Presumably Tesco thinks it could sell its capital investment in warehouses and stores for something around what it paid for them. So the “loss” being referred to is probably an operating loss. Some would be a normal ramp up as stores mature after an opening but if, say, $2 billion of this loss might be what Kroger’s CEO used to refer to as “investments in lower gross margins” — attempts by U.S. retailers to remain competitive could easily cost the U.S. industry $20 billion.
Of course, with a “neighborhood” format, price reduction would be much less if U.S. supermarket chains could confine price reductions to stores serving the same neighborhoods.
Perhaps Mr. Higgenson spoke intentionally, but he was directing his message to the financial community, concerned about the £65 million start-up cost (roughly $130 million U.S.) designated to the U.S. venture. The City, London’s version of Wall Street, gets nervous about Tesco’s management possibly falling in love with an unproven business concept. By publicly capping the losses, Mr. Higgenson may be limiting the damage to Tesco’s share price.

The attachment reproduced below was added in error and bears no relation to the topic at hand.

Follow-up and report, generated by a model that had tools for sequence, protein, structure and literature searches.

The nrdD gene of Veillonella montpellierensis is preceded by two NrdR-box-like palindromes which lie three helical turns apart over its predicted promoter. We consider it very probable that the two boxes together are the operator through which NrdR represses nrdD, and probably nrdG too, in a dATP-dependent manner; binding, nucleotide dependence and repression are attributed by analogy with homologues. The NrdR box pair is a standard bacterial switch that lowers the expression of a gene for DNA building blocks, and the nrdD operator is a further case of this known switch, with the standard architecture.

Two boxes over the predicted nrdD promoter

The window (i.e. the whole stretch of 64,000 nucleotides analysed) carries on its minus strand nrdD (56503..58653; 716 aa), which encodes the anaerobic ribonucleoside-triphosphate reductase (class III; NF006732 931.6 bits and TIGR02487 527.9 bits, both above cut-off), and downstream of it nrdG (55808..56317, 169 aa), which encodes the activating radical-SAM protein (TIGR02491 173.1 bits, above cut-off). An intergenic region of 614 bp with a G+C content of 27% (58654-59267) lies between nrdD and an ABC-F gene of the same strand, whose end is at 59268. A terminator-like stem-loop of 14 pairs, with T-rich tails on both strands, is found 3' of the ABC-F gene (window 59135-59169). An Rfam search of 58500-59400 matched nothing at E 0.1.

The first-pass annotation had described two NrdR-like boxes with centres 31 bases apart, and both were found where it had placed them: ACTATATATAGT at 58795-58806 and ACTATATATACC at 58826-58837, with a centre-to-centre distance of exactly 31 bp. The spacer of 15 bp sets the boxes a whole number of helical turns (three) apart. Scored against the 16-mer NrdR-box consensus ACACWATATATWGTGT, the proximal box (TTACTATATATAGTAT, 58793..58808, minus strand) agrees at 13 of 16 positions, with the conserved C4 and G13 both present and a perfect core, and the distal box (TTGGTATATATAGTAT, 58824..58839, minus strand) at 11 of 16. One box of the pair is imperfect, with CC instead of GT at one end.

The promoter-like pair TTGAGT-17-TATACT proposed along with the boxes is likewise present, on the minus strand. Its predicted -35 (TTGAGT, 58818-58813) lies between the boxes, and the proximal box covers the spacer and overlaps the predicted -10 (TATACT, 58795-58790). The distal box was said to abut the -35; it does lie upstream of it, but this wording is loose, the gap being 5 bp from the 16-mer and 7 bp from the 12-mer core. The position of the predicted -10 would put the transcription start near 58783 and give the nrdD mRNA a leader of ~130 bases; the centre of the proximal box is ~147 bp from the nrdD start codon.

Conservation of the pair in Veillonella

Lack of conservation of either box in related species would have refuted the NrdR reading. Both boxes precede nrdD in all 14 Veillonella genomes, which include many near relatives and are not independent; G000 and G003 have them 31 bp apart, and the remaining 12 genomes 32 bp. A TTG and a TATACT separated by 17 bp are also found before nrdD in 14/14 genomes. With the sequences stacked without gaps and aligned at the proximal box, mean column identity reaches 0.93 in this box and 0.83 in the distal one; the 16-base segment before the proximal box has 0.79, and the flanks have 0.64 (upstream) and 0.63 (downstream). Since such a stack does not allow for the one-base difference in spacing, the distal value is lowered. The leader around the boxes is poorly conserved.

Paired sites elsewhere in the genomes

Whatever the motivations, Tesco is giving its competitors a clear message: Make this too difficult or expensive and we will give up. That is a little like dangling a red flag before a bull.
Mr. Higgenson does show awareness of the vulnerable nature of the Fresh & Easy concept:
“The concept will catch the green wave — there is a lot of fresh high quality produce and meal solutions — there is not a big ready meal market in America so we will have to see whether they like that.”